Tips for using the chat box: 

  • Leverage your session host’s presence—ask them to monitor the chatbox and answer any questions or direct to you during session so you can focus on what you are saying/engaging participants rather than monitoring the chat 
  • Ask participants at the start of session to put questions in the chatbox—this allows you to keep the flow of the session, while periodically addressing questions or comments when relevant 
  • Use the chatbox as a participant reflection tool—ask everyone to take a minute to think of (and share in chatbox) an example in their course or one thing they want to try after learning from your session—you can ask them to type it in chat, but not click send until you give a signal so everyone has a chance to draft something 
  • TECHNICAL NOTE: The default setting will be that chat messages will be viewable to everyone (your tech host is there to monitor chat for inappropriate messages and has been instructed to remove anyone disrupting the session). 
  • TECHNICAL NOTE: Participants can only see the chat content from the time they enter the room.  So, if anyone joins late, after you have already posted a link, you will need to repost it so they can see it.  We recommend asking the SC session host to periodically repost or send a repost message directly to the latecomers.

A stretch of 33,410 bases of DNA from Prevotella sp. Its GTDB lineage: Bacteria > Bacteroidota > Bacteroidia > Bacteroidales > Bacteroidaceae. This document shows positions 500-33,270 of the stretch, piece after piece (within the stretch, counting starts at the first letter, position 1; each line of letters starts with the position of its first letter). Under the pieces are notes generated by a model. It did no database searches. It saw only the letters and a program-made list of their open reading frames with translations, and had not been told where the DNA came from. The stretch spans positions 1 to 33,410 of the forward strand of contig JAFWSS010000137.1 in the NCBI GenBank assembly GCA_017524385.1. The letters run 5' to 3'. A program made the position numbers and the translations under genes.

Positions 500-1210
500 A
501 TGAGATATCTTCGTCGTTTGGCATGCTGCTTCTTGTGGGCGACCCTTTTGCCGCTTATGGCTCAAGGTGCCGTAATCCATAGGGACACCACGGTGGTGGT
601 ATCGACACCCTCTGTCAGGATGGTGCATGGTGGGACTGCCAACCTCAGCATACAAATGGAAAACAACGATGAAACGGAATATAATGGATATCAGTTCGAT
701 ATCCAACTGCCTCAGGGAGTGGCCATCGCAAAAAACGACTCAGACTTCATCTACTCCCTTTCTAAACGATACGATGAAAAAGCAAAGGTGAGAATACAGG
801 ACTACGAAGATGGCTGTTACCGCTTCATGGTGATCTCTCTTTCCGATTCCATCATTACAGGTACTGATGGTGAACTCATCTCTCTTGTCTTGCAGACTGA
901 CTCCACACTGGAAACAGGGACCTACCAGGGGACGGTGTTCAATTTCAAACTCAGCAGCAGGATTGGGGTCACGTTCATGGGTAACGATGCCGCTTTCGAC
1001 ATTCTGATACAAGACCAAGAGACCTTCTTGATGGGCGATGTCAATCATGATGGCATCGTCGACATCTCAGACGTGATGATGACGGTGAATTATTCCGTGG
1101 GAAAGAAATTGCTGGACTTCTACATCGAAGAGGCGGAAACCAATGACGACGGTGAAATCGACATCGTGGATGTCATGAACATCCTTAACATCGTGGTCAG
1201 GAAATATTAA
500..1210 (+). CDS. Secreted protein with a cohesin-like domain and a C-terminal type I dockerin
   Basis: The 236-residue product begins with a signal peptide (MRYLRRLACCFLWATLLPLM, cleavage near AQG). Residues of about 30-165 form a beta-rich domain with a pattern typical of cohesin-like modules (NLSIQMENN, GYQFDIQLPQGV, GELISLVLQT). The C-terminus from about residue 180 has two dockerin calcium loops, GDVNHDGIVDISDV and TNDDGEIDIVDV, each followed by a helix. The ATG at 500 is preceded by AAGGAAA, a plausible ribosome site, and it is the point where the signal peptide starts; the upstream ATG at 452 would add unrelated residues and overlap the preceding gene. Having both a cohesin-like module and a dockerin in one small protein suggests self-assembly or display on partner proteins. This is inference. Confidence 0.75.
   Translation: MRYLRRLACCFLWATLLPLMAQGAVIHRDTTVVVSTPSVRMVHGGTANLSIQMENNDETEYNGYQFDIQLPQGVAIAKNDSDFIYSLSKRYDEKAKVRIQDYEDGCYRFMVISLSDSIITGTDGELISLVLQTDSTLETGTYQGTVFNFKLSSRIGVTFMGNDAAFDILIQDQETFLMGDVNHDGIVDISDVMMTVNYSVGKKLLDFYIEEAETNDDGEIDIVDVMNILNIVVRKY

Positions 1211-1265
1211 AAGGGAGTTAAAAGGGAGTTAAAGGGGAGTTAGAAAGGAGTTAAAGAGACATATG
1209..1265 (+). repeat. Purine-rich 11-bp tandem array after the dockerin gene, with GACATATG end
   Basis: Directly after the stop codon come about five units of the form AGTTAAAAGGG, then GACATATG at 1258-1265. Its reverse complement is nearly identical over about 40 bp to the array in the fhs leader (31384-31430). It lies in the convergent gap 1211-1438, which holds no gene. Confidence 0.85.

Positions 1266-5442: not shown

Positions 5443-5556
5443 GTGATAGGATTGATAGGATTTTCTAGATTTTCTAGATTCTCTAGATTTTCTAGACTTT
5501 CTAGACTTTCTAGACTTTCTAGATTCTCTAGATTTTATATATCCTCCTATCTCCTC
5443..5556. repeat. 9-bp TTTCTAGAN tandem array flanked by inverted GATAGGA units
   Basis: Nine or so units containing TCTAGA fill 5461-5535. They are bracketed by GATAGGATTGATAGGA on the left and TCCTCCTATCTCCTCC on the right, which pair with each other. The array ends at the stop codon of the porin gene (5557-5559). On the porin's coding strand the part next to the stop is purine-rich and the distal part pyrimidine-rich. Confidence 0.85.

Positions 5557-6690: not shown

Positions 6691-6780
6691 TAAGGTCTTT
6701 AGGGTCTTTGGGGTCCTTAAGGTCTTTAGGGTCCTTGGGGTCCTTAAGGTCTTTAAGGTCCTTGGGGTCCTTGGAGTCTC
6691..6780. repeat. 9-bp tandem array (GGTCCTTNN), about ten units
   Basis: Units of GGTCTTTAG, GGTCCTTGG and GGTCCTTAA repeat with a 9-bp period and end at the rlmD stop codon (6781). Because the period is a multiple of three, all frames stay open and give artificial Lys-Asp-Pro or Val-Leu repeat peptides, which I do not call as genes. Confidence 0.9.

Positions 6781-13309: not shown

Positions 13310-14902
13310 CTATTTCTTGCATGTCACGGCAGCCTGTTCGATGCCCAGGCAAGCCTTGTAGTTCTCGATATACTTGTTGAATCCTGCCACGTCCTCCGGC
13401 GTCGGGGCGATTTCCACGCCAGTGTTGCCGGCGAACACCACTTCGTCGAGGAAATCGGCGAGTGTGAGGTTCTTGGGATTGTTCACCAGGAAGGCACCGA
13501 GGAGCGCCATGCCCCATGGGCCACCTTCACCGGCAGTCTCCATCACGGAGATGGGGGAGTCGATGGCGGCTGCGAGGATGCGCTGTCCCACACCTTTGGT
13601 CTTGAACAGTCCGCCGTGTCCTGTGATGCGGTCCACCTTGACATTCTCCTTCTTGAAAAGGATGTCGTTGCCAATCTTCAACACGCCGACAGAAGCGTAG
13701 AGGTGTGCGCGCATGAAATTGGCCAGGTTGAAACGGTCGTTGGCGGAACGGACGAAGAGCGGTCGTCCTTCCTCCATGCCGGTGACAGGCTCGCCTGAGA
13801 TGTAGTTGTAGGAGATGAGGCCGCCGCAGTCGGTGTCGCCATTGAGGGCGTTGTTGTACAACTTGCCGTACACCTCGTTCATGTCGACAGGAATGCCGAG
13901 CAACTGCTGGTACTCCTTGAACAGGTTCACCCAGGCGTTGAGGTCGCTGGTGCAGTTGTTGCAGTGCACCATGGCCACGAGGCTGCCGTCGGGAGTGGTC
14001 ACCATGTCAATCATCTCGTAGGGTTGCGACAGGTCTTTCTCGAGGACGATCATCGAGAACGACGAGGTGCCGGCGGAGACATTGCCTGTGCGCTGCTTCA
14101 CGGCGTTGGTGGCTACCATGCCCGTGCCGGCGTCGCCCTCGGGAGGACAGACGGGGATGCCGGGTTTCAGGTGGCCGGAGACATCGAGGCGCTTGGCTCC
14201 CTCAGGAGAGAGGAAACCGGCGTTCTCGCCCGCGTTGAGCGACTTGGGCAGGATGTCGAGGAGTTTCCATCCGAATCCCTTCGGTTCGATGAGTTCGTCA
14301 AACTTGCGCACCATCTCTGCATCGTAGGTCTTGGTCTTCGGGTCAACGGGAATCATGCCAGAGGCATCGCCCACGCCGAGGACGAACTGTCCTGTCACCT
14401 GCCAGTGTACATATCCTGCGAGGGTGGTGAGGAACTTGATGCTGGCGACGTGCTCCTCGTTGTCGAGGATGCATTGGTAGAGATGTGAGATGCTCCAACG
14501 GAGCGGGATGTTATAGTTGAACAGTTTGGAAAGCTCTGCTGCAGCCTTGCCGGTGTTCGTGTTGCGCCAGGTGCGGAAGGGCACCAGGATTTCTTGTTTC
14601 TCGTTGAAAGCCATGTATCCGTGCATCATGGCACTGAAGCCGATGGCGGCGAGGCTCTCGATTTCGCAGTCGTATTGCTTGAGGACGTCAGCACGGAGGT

Tips for using breakout rooms: 

  • Have a plan for the number of participants in your breakout groups ahead of time, 2-4 is ideal to make sure everyone gets a chance to share (and consider if you have a small or large group attend).   
  • Time goes by superfast and people need time to introduce themselves and connect—build in 5 mins to your breakout activity to account for that. 
  • Pre-decide if you want groups to be randomly assigned or assigned by you during session or “picked” by participants—there are different logistics to make each option work smoothly, see technical notes below. 
  • Give directions (on screen, in chatbox and spoken) before putting participants in breakout rooms